GMAT Structure – What Are the Different Sections About?

by Maximilian Claessens
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GMAT Structure – What Are the Different Sections About?

Preparing for the GMAT (Graduate Management Admission Test) can be a daunting prospect, but it needn’t be too stressful. The GMAT is much like any other standardized test – millions of students have taken the GMAT, which means that there is a lot of data open to analysis and a lot of tips and tricks available to any diligent student who is serious about prepping for the test.
One of the most basic – but effective – steps we can take to prep for the GMAT is to look at the different sections of the test. Once we understand the structure of the GMAT, we can begin to get ready for them. In this article, we’ll cover GMAT exam structure and the different sections in detail, before giving you advice on the best order.

GMAT Exam Format: How Many Sections Are There? 

In total, there are four sections to the GMAT: analytical writing assessment, integrated reasoning, quantitative reasoning, and verbal reasoning. The length of time permitted to finish the various sections varies from 30 to 65 minutes, and add up to a combined time of three hours and seven minutes. In total, there are 80 questions.

Let’s take a more in-depth look at the structure and the various sections of the GMAT.

Quantitative Reasoning

The Quantitative Reasoning section of the GMAT features two types of questions: Data Sufficiency and Problem Solving. Arithmetic, simple algebra and some knowledge of geometry are required for both kinds of questions.

The difficulty of the questions in the Quantitative Reasoning GMAT section lies not in the requisite math skills (which are basic) but in the need for the candidate to apply logical and analytical reasoning. It’s important to note that calculators are not permitted during this section of the GMAT.

Problem Solving

These types of questions measure the candidate’s ability to solve quantitative problems using logic and analysis. For instance, you may be given a number of algebraic equations, from which you are required to infer further information. Each Problem Solving question is multiple-choice, with five possible answers.

Data Sufficiency

Each Data Sufficiency question consists of a question followed by two statements. The candidate is asked to assess the data given in each statement, and then determine if the data given is sufficient to answer the question. There are five possible answers, standardized across the whole sub-section:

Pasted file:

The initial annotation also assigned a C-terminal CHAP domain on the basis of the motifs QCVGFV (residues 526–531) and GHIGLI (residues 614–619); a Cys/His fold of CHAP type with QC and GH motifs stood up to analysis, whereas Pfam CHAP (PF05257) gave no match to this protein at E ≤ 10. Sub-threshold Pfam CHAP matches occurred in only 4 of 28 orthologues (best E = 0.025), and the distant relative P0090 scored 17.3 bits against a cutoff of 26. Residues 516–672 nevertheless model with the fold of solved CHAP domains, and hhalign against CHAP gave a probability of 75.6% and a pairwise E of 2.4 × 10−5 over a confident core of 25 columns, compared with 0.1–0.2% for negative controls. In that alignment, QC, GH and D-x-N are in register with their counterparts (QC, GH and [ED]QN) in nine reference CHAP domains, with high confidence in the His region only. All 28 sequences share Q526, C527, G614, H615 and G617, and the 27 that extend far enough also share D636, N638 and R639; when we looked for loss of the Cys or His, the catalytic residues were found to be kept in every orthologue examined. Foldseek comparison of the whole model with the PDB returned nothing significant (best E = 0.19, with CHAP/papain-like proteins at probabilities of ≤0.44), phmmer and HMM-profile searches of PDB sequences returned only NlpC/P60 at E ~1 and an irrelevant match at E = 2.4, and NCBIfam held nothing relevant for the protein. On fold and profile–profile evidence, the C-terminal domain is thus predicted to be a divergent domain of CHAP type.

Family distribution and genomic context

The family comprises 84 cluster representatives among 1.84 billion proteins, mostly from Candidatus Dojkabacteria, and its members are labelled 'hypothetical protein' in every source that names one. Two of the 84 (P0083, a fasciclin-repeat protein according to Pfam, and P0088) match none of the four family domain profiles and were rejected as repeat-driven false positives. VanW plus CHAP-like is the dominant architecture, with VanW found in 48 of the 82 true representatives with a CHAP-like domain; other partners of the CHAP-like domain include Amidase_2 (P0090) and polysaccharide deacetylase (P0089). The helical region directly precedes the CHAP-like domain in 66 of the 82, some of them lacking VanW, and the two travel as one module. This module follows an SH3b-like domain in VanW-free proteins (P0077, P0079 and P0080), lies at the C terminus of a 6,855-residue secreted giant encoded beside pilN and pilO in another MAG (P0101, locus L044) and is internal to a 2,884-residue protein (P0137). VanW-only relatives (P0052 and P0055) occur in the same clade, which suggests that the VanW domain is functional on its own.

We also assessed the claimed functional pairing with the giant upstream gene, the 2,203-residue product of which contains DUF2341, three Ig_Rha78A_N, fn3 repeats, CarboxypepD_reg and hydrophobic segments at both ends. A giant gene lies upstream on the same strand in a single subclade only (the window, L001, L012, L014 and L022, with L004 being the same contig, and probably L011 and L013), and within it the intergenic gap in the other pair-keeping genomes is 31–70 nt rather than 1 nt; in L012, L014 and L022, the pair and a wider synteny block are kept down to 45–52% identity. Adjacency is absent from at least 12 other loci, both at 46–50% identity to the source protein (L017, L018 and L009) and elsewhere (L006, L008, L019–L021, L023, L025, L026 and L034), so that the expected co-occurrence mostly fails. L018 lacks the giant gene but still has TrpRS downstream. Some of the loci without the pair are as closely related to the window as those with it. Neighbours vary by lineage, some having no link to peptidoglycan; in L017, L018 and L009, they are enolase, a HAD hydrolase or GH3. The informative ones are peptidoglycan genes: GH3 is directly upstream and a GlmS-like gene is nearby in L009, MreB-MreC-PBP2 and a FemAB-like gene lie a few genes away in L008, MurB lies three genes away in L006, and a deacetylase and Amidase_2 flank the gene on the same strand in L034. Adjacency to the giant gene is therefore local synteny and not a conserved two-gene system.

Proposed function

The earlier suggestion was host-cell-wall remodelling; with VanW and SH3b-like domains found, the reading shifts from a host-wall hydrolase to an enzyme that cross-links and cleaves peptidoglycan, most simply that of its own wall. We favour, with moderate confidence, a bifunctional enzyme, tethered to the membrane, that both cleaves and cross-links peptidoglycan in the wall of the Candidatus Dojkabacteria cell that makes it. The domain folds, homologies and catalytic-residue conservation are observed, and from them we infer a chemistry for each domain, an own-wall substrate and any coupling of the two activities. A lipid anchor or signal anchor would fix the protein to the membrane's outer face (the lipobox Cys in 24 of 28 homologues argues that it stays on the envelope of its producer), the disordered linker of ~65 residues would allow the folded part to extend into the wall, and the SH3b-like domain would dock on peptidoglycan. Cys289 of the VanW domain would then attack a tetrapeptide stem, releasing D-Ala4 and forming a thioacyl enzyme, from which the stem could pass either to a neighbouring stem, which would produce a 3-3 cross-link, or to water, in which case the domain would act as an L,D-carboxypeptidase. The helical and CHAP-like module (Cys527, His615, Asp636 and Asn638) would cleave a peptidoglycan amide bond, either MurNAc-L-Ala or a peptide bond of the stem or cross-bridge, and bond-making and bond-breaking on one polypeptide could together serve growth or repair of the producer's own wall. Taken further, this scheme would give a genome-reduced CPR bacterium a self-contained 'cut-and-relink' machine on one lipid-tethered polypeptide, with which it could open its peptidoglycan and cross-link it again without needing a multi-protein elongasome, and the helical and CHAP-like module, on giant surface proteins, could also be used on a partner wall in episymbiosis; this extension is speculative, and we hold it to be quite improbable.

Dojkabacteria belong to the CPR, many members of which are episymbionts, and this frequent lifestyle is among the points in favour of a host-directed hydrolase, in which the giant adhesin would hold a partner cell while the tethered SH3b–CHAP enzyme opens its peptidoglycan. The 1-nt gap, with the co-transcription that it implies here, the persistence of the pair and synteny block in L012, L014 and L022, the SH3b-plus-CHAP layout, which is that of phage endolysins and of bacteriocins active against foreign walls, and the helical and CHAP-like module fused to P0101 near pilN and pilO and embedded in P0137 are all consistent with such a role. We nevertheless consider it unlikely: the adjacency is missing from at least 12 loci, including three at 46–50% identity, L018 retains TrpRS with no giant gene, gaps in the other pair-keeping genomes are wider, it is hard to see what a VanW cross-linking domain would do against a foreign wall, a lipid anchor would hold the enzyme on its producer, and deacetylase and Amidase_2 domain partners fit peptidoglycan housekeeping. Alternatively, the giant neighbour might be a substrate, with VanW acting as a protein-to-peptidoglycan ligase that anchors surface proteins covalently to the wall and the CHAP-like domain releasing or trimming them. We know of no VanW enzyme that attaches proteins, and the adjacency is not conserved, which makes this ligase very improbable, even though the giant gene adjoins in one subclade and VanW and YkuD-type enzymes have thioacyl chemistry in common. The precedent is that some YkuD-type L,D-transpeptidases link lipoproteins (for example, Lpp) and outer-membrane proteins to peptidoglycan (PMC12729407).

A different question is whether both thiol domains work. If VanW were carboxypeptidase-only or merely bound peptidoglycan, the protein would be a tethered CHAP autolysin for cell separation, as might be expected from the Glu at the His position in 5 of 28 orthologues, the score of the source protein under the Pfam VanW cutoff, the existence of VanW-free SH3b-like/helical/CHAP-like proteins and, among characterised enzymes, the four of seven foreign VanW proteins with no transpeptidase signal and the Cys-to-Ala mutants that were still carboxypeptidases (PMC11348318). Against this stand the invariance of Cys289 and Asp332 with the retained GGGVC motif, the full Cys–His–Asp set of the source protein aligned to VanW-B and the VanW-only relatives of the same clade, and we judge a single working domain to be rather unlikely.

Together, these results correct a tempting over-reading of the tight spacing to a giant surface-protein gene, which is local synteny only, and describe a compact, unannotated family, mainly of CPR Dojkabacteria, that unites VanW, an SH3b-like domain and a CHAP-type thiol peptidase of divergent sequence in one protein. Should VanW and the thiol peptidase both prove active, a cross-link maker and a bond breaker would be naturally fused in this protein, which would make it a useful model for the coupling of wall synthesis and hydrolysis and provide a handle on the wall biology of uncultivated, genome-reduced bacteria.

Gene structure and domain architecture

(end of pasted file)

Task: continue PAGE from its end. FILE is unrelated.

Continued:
• A) Statement 1 alone is sufficient, but statement 2 alone is not;
  • B) Statement 2 alone is sufficient, but statement 1 alone is not;
  • C) Both statements combined are sufficient, but neither statement alone is;
  • D) Each statement contains sufficient data, independently of one another;
  • E) There is insufficient data in both statements, even when taken together.

How many questions are in the Quantitative Reasoning section of the GMAT?

There are 31 questions in total, and the candidate is allocated 62 minutes.

Verbal Reasoning

The Verbal Reasoning section of the GMAT comprises three types of questions: Critical Reasoning, Reading Comprehension and Sentence Correction. The Critical Reasoning and Reading Comprehension questions have further subtypes designed to assess the candidate’s verbal skills more precisely.

No expert knowledge is required for this section; a good working knowledge of the English language will suffice.

Reading Comprehension

These questions assess your capacity for understanding words and sentences, infer further information from available data, understand logical relationships between discrete points, and follow the development of quantitative points. The candidate will be expected to identify the main and supporting ideas of a text, draw inferences from the text, and appreciate the logical structure and style of the text.

Each passage of the Reading Comprehension discusses such topics as humanities, the social sciences, the natural sciences and/or a business-related topic. You may be asked to interpret the text or apply the ideas presented therein to a hypothetical context.

Critical Reasoning

The Critical Reasoning section measures the candidate’s capacity to make/evaluate arguments and formulate or assess a plan of action. Candidates are asked to read a short passage and then answer a question regarding it. Each question has five answers, which candidates must consider in the broader context of the passage.

Sentence Correction